• Note that this image archive is not complete
  • Images available in 3 sizes:

AIA/SDO Synoptic
  • AIA synoptic data is a valuable reduced-size archive provided by the Stanford JSOC service. These images lack the spatial clarity of the full-resolution observations, but enable us to provide MGN-processed images for every 10 or 30 minutes
  • Processed images available for 7 AIA channels
  • 3-color (RGB) images combining data from 3 channels (171, 193, 211)
  • Images available here

  • The STEREO/SECCHI Extreme UltraViolet Imagers (EUVI) provide 2048x2048 images of the low corona in 4 wavelength channels
  • Here we provide MGN-processed images for every 2 hours
  • Processed images available for 3 channels
  • 3-color (RGB) images combining data from 3 channels (171, 195, 284)
    • Images available for both STEREO A and B spacecraft:
    • EUVI A
    • EUVI B

DST and NRGF Image Processing


The Dynamic Separation Technique (DST, Morgan, Byrne & Habbal (2012) ) is a new technique based on spatial and time deconvolution of coronagraph data. It is an effective separation of the dynamic and quiescent components of the images. The structure of CMEs are revealed in detail despite the presence of background streamers that are several times brighter than the CME.
The normalized radial graded filter (NRGF, Morgan, Habbal & Woo (2006) ) is a simple filter for removing the radial gradient to reveal coronal structure. Applied to coronagraph data, the NRGF produces images which are striking in their detail.

Data Products

Electron density from LASCO C2

Download: IDL Save Files


LASCO C2 polarized brightness images are calibrated (using stars) according to the methods of Morgan (2015). These are then inverted, assuming a local spherical symmetry, into an estimate of the coronal electron density. These are IDL save files, containing structures with polar-coordinate arrays of electron density and are available at the link above.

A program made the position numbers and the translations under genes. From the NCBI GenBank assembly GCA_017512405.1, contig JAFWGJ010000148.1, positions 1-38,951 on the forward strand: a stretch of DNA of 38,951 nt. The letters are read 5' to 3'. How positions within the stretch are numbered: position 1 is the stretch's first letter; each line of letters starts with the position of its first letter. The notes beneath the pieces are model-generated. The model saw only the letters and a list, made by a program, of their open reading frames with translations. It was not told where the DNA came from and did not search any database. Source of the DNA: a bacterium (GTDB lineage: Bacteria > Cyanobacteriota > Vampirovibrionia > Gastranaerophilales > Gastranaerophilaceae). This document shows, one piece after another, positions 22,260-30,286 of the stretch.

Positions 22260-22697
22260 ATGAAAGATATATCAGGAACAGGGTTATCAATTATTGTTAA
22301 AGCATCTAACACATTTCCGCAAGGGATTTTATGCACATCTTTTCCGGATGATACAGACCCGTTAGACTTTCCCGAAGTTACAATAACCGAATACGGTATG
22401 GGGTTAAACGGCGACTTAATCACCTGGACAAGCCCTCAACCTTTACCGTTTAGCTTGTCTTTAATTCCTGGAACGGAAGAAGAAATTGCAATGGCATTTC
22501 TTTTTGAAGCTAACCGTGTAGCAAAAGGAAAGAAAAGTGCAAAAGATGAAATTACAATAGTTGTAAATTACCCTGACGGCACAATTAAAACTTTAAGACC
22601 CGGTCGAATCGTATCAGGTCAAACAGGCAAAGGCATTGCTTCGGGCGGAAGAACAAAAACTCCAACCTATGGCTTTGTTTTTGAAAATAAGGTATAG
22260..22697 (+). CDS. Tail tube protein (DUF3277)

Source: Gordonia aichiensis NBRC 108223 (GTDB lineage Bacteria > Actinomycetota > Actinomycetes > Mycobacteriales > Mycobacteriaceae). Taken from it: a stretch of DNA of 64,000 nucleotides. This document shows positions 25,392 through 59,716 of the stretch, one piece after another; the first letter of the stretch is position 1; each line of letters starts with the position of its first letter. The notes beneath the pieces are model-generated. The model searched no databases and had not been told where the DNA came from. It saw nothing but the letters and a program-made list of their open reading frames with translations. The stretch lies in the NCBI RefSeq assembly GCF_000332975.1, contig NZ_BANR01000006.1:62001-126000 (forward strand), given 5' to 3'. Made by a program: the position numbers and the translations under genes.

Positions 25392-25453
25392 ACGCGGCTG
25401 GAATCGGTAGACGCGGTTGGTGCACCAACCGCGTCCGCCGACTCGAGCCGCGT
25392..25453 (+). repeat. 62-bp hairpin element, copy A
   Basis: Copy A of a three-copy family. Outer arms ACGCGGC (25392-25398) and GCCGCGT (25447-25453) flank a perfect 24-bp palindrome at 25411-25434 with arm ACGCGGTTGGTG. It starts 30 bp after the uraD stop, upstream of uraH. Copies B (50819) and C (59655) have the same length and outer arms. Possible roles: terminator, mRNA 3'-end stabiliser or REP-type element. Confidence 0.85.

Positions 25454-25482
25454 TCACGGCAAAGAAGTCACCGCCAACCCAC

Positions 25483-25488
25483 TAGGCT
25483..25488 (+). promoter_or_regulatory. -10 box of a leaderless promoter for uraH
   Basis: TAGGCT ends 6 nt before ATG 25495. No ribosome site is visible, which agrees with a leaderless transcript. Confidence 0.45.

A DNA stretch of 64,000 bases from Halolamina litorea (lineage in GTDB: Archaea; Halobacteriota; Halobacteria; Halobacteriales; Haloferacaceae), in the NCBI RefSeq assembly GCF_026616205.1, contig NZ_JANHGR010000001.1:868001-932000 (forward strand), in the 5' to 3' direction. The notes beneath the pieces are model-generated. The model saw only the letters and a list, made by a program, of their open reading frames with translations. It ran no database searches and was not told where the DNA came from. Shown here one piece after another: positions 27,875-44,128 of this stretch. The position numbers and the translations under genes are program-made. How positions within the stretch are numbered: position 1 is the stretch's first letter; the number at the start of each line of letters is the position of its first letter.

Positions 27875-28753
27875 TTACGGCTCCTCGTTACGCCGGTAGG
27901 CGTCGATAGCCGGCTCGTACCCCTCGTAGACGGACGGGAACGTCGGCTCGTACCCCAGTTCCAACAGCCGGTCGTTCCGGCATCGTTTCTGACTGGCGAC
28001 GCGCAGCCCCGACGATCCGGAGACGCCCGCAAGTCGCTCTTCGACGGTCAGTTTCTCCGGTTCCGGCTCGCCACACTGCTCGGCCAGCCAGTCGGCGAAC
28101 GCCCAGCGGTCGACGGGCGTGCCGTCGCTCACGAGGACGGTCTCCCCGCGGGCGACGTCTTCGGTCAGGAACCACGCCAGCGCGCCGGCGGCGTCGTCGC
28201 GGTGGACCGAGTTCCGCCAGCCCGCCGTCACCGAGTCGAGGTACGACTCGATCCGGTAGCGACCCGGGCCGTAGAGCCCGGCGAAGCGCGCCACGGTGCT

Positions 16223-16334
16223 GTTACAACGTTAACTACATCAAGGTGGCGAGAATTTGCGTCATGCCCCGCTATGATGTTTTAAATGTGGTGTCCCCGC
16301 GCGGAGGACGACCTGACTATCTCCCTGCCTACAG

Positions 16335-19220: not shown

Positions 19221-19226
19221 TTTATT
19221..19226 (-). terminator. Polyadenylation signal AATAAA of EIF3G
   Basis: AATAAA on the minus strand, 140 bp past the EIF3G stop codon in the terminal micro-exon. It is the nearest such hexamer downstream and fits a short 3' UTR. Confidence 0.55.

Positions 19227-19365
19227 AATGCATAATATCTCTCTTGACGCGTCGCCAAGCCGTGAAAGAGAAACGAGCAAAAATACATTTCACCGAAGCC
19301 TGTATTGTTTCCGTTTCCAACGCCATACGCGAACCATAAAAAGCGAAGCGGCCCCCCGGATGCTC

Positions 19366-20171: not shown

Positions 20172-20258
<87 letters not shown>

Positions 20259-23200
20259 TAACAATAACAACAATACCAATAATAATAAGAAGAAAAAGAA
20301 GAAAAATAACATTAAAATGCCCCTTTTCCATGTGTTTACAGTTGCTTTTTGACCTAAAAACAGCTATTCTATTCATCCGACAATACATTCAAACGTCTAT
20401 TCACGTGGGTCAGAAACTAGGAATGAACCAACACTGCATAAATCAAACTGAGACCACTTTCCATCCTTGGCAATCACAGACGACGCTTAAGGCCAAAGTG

Calibrated LASCO C2

Download: IDL Save Files


Data processing and calibration is applied to LASCO C2 observations according to the method described in Morgan (2015). The methodology includes noise suppression, background subtraction and conversion of total to K-coronal brightness. These are IDL save files, containing structures with polar-coordinate images and are available at the link above



The coronal image processing (CORIMP) CME catalog is generated from the automatic detection and tracking of CMEs in images from the Solar & Heliospheric Observatory Large Angle & Spectrometric Coronograph experiment (SOHO/LASCO). The catalog utilizes a normalizing radial-graded filter (NRGF, see above) that removes the steep gradient in coronal brightness. A deconvolution technique is used to remove the static background, separating dynamic and quiescent structures. A multiscale decomposition then results in a number of scales upon which the images can be automatically inspected for curvilinear features. Detection masks are generated to isolate CME structure, and a sequence of observations then reveal the changing CME kinematics and morphology.


Details available in the following publications (please cite these two papers if using the catalog):

The Solar Data Archive is run by a team of scientists within the Solar System Physics reasearch group of Aberystwyth University, led by Dr Huw Morgan.